Intoeing is a common finding in babies and toddlers. In newborns, turning in the front of the foot can be due to the way the baby was lying in the mother’s womb. It resolves spontaneously in the majority of children but stretches to the forefoot are often helpful. In more severe cases a light plaster cast can be applied for a few weeks, to keep the foot in a neutral position.

In toddlers, intoeing is often associated with internal rotation of the tibia (or shin bone). This presents as bow legs. This may also be a result of intrauterine positioning. It nearly always resolves spontaneously. Children with intoeing may trip a little when they first start to walk, but this will become less frequent with time. There is no reason for them to be less able to play sport when they are older and they are not prone to arthritic or spinal problems in later life.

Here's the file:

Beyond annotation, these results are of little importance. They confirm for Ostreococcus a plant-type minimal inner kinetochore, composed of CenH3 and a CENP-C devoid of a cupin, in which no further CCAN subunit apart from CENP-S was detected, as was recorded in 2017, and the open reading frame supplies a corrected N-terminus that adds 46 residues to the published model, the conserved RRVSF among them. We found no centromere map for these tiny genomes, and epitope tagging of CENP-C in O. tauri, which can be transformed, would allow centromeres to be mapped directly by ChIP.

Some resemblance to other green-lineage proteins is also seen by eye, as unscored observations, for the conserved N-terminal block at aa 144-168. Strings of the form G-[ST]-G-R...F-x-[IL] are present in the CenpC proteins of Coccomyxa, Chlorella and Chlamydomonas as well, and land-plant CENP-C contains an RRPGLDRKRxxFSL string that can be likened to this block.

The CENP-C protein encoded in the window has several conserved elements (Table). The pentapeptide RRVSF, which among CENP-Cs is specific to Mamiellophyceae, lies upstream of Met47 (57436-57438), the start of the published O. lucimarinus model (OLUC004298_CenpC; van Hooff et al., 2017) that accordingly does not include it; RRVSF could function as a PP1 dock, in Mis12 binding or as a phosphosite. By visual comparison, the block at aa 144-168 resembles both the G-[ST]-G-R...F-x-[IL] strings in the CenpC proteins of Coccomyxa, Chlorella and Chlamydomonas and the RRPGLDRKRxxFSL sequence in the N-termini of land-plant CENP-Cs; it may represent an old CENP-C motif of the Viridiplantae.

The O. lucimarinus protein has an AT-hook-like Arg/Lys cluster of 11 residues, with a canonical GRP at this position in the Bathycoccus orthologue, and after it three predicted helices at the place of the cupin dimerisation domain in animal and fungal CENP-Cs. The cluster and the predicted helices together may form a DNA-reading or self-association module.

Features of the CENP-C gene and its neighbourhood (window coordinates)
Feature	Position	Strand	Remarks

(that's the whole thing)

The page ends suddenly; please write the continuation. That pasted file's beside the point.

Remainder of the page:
There can be cause for concern if there is asymmetry present, if the problem is not improving with time or if the child continues to trip up when they are of school age. A referral to the appropriate specialist may be indicated.


knowledge … self-management … prevention